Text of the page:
Iris’s brown eyes surveyed me thoughtfully.

“It’s always the best friends who go away, isn’t it?”

“It is. Goodbye, Iris. Take care of yourself.”

“Goodbye, Jimmy.”

I boarded the jeep. We bumped forward. I waved. Then we were out of the dusty camp and running down the winding road leading to Haifa and the blue sea stretched out invitingly below us.

We made our way back to Sarafand, stopping on the road for a meal at a café run by a Palestinian Sabra and his wife. She was a Jewish girl who had been brought up in the same part of London as I, and when she stopped speaking Hebrew and turned to address us in English, she had a refreshingly Cockney accent which lifted my heart. On the floor of the café, her three young children sprawled happily like fat little puppies. These were the future Israelis. What a lovely country this was. I would willingly have stayed in it. But not as a British Army conscript.

After reaching Sarafand, I caught a troop train to Sidi Bishr – a military camp just outside Alexandria, and after a couple of days here, I found myself one morning on board the ship which was to return me, very much against my will, to England.

I think that quotations from my diary will best tell the rest of the story.          

Friday, September 27th, 1946. (On board the S.S.”Orduña”).

I got up early this morning at four o’clock, being among the first group to leave. At six o’clock, outsize lorries came to pick us up, and half an hour later, set us down at the Alexandria docks. Two flat motor barges approached. We boarded them, and in next to no time, we had been transferred to the “Orduña”, our kit had been stacked away, and we were ready to start.

At the moment of writing, another group of soldiers is struggling aboard. One more group after this, and we will set sail for Toulon. I’m feeling rather sleepy, and I’m not at all happy.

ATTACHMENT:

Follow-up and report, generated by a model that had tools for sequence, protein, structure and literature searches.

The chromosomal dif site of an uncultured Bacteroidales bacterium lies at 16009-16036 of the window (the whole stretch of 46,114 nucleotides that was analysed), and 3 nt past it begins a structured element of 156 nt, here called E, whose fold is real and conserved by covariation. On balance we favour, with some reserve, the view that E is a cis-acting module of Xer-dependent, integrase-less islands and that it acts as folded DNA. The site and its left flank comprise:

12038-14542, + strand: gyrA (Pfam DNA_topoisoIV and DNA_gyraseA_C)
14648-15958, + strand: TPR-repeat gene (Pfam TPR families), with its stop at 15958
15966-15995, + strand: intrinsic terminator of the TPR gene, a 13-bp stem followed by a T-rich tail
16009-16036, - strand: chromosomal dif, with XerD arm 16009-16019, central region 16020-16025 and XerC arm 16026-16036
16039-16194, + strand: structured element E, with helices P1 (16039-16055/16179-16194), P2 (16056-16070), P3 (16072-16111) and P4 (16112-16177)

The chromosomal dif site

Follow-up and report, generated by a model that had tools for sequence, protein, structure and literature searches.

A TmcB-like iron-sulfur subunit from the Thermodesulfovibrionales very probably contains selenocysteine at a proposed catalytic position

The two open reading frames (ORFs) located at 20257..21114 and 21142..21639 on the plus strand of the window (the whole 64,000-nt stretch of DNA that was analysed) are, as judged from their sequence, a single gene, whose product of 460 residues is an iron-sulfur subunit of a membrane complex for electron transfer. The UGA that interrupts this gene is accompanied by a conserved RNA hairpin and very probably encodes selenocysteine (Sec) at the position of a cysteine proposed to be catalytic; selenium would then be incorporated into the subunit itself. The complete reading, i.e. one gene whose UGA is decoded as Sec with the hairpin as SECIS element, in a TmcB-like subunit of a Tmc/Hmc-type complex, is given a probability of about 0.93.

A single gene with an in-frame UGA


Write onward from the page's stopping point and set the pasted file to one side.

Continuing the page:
The waters of the bay are twinkling in the morning sun, naked Arab divers are waiting for people to throw money in the water for them, and in the distance the buildings of Alexandria rear themselves silently against the blue sky. Shall I see them again in my lifetime? With all my heart I hope that I shall.

It is now eleven o’clock in the morning. Well, at least I’ll soon be demobilised. I’ll be free. Then, to hell with the army and to hell with the system where some jumped-up twit with a stripe on his arm or a pip on his shoulder has the right to tell me what to do, even though he is stupid enough to eat hay.

Seven o’clock in the evening.

We left Alexandria at five o’clock. There was lifeboat drill, then we had some food. Afterwards I climbed on deck and made my way towards the stern, just above the propellers. It was very dark, but behind us I could discern our foaming white wake. Beneath the deck the powerful, hidden motors pounded. From time to time a cigarette end, which some soldier had thrown away, described a red arc until it was abruptly extinguished and swallowed by the hissing sea.

On the horizon I could see the brilliant white light of the Alexandria lighthouse, surrounded by a far-off glare. The streets of Alexandria are at this moment blazing with illuminations, and it’s the same in Cairo. The Europeans are going to the cinema – to the “Odéon, to the “Kursaal”, to the ‘Miami”, and to the ‘Metro’. Galabieh-clad men are sitting outside the bistros, smoking their narghilehs, whilst in Maadi lights have been switched on in the clean little villas. You can no longer see the red blossoms on the trees that embellish the settlement, but you can smell them. And you can hear the rustling of leaves and the croaking of frogs in the canal. Ah, yes. I am sorry to leave these shores, and I would give much to remain.

10th October, 1946.

I can’t write any more. I’m a civilian in England. We crossed France and the Channel in a hurry, and I was demobilised on the sixth of October, nineteen forty-six, after five years of military service. Am I sorry to have left the army? No, indeed. I’m glad to be the captain of my soul again. But when I think of my stay in the Middle East, there is a dagger in my heart. To get away, to get away! How I long to get away!”